Wednesday, April 29, 2015

Albert Ayler: Spirits Rejoice

This entry is in response to the death on 19 April of Bernard Stollman, the attorney who founded ESP-Disk in response to hearing the amazing Albert Ayler perform live in 1964 and told him he was founding a label and wanted the tenor sax player to be his first artist.

Stollman, whose first release on ESP-Disk was actually a record about Esperanto, the universal language that has never caught on, liked to advertise that with his label, "the artists alone decide what you hear on their ESP-Disk."  And, however true that may have been, the label recorded some of the most expressive and off-putting (to most ears) of the so-called free jazz players from the middle and late sixties.  Ayler was perhaps the most notorious of them.

Stollman, however, was roundly criticized from musicians who recorded for the label and found themselves receiving little or no royalties and having no control over their music.  At the same time, the label made so little money that it was closed after about a decade, though revived again in 2005.  This version of Spirits Rejoice was issued in 2012 with a new design and layout and remastering.

Recorded at Judson Hall in New Tork on 23 September 1965, Spirits Rejoice is a prime example of Ayler's peak ecstatic phase, in which the songs largely revolve around spiritual themes exemplified by references to martial, New Orleans, R&B and other genres.  In a rare occurrence, another sax player, altoist Charles Tyler, recorded with Ayler, whose brother Donald also marks his debut as a rather raggedy, but very emotional, trumpeter.

The three horns are generally either playing the strangely uplifting themes or tearing into powerful solos, but they sound quite harmonic in the former, while moving in different directions, but with an ear to each other, into the outer limits of jazz on the latter.

Meanwhile, the remarkable Sunny Murray, eerily moaning most of the way through, plays his drums with the kind of meterless freedom that allows the soloists to play however they'd like, while keeping a sense of order to the proceedings.

The drummer is joined by bassists Henry Grimes and Gary Peacock, who are often not heard well in the mix unless soloing, even with a good remastering job.  This is a bit of a shame because both played often with Ayler and knew how to use their instruments, particularly Peacock, in the service of the music.

On at least one piece, "Angels," Ayler pairs up with the much older harpsichordist Call Cobbs, whose instrument was often used in pop, rock and jazz in the Sixties and sounds quaint, yet oddly appealing.  The again, hearing enough of Ayler's music and its obsession with spiritual concerns, Cobbs' playing does have an uncanny way of harmonizing with the somewhat maudlin melody of the piece.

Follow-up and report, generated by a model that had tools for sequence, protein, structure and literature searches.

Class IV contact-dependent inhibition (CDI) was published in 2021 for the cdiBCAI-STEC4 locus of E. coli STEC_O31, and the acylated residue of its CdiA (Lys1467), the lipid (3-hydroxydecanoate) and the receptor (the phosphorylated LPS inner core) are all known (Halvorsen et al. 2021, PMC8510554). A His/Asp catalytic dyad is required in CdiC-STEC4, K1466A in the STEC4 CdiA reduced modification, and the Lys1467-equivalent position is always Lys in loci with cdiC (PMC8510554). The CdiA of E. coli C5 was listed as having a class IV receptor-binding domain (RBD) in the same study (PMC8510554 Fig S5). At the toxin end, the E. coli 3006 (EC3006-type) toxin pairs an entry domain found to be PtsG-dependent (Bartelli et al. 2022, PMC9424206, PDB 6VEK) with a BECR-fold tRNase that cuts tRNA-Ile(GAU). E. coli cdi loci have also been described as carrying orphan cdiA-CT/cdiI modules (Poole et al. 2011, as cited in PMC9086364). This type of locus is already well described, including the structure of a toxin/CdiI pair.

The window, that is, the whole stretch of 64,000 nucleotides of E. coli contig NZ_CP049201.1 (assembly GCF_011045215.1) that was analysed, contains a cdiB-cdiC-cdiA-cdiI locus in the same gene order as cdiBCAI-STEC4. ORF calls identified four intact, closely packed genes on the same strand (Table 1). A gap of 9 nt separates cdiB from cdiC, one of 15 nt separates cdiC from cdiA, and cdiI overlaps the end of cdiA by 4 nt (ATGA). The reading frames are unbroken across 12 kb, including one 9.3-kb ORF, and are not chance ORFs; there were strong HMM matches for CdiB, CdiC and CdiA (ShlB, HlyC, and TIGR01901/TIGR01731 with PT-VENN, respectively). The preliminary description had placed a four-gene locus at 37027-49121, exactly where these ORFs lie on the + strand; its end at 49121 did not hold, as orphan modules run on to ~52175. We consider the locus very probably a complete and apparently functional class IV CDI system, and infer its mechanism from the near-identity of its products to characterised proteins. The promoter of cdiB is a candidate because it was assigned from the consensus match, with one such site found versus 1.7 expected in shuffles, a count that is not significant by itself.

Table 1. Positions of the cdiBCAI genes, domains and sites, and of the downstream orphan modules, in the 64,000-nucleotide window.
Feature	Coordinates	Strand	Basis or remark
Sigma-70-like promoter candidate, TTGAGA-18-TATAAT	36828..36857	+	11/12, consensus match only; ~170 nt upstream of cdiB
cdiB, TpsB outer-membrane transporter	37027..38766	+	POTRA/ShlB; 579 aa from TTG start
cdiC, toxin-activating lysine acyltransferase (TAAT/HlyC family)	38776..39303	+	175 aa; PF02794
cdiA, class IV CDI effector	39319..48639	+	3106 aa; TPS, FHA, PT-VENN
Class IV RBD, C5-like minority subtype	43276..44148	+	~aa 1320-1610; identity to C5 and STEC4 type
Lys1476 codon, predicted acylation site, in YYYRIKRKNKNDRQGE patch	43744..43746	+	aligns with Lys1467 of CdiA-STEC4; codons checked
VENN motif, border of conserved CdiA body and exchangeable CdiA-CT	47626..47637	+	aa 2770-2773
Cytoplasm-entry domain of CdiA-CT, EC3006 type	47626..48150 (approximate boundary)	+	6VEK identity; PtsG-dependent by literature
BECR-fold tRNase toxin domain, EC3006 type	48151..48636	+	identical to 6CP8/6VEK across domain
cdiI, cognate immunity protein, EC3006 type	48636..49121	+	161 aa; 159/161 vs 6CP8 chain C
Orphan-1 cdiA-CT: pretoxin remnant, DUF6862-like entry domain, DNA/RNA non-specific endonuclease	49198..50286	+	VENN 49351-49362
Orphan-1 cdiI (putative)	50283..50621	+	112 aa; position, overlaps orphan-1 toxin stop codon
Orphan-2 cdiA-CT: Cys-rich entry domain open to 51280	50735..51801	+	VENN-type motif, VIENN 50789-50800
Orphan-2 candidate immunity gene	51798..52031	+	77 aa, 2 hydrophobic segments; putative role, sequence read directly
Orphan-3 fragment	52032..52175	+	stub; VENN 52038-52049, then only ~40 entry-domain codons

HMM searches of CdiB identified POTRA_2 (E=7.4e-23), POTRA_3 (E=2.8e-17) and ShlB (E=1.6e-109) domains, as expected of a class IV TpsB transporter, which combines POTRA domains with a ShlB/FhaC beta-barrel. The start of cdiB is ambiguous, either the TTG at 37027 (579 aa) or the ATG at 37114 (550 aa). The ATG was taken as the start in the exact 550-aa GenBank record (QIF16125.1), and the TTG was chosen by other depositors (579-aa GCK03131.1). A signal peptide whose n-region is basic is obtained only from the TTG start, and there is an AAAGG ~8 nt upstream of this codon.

Through Bernard Stollman and ESP-Disk, much of Ayler's best and most challenging work was released (even if Ayler received very little money for his work, if the accusations against Stollman are true) and we are fortunate to have the documentation of music from one of jazz's most intriguing musicians.  Throughout, Ayler's huge tone, melodic simplicity, utter sincerity, and his frenetic and fantastic solo work present him as one of the era's most distinctive performers.

Tuesday, April 28, 2015

Franz Schubert: Trout Piano Quintet/String Quartet in A Minor

In addition to immediately being drawn to the music of the great Franz Schubert back when discovering him in 1990, this listener was particularly attuned to the work of the Austrian master in 2008 for a variety of reasons.

Schubert only lived thirty-one years, but was similar to Mozart and his contemporary Mendelssohn in being a prodigy and prolific.  This Durkin Hayes-released album by the British Royal Philharmonic Chamber Ensemble, recorded early in 1994, presents two of the composer's best-known chamber works.

The gorgeous, stately and highly emotive melodies of the Piano Quintet in A Major, known as the "Trout", was completed in 1819 when Schubert was 22, but was not published until 1829, the year after his death.  In addition to the time-honored beauty of the melodies and harmonic richness of the score, there is the matter of the unusual instrumentation and structure.  The name derives from the piece's connection to a lied (song) called "The Trout" that the composer used in the fourth movement.

Normally, works like this match the piano to the standard string quartet of two violins, viola and cello, but Schubert removed one of the violins and inserted a double bass instead, which provided a deeper, richer bottom end that worked particularly well with the slower, more somber aspects.  Moreover, the composer  wrote the piece in five movements, instead of the usual four.  This allowed him to develop more variations on themes and, because of the wealth of wonderful motivic material found in the piece, the expanded movement structure gives the listener that much more to enjoy.

The "Rosamunde" string quartet, in A Minor, is another masterpiece with a series of gorgeous melodies that have endured.  Achingly beautiful and simple, the theme is followed by a section with a strong sense of drama and tension, one anchored in a deep wellspring of emotion.

The composer had his upbringing in a musical family that performed chamber music at home and he began writing fine string quartets at a young age (not unlike Rossini).  Of the numbered set of fifteen quartets attributed to Schubert, the A minor is the thirteenth and often called the "Rosamunde."  It was completed in the first months of 1824 and was not as popular in later years as his epic "Death and the Maiden" which was completed at the same time.  Yet, it was the only of his quartets published in his lifetime.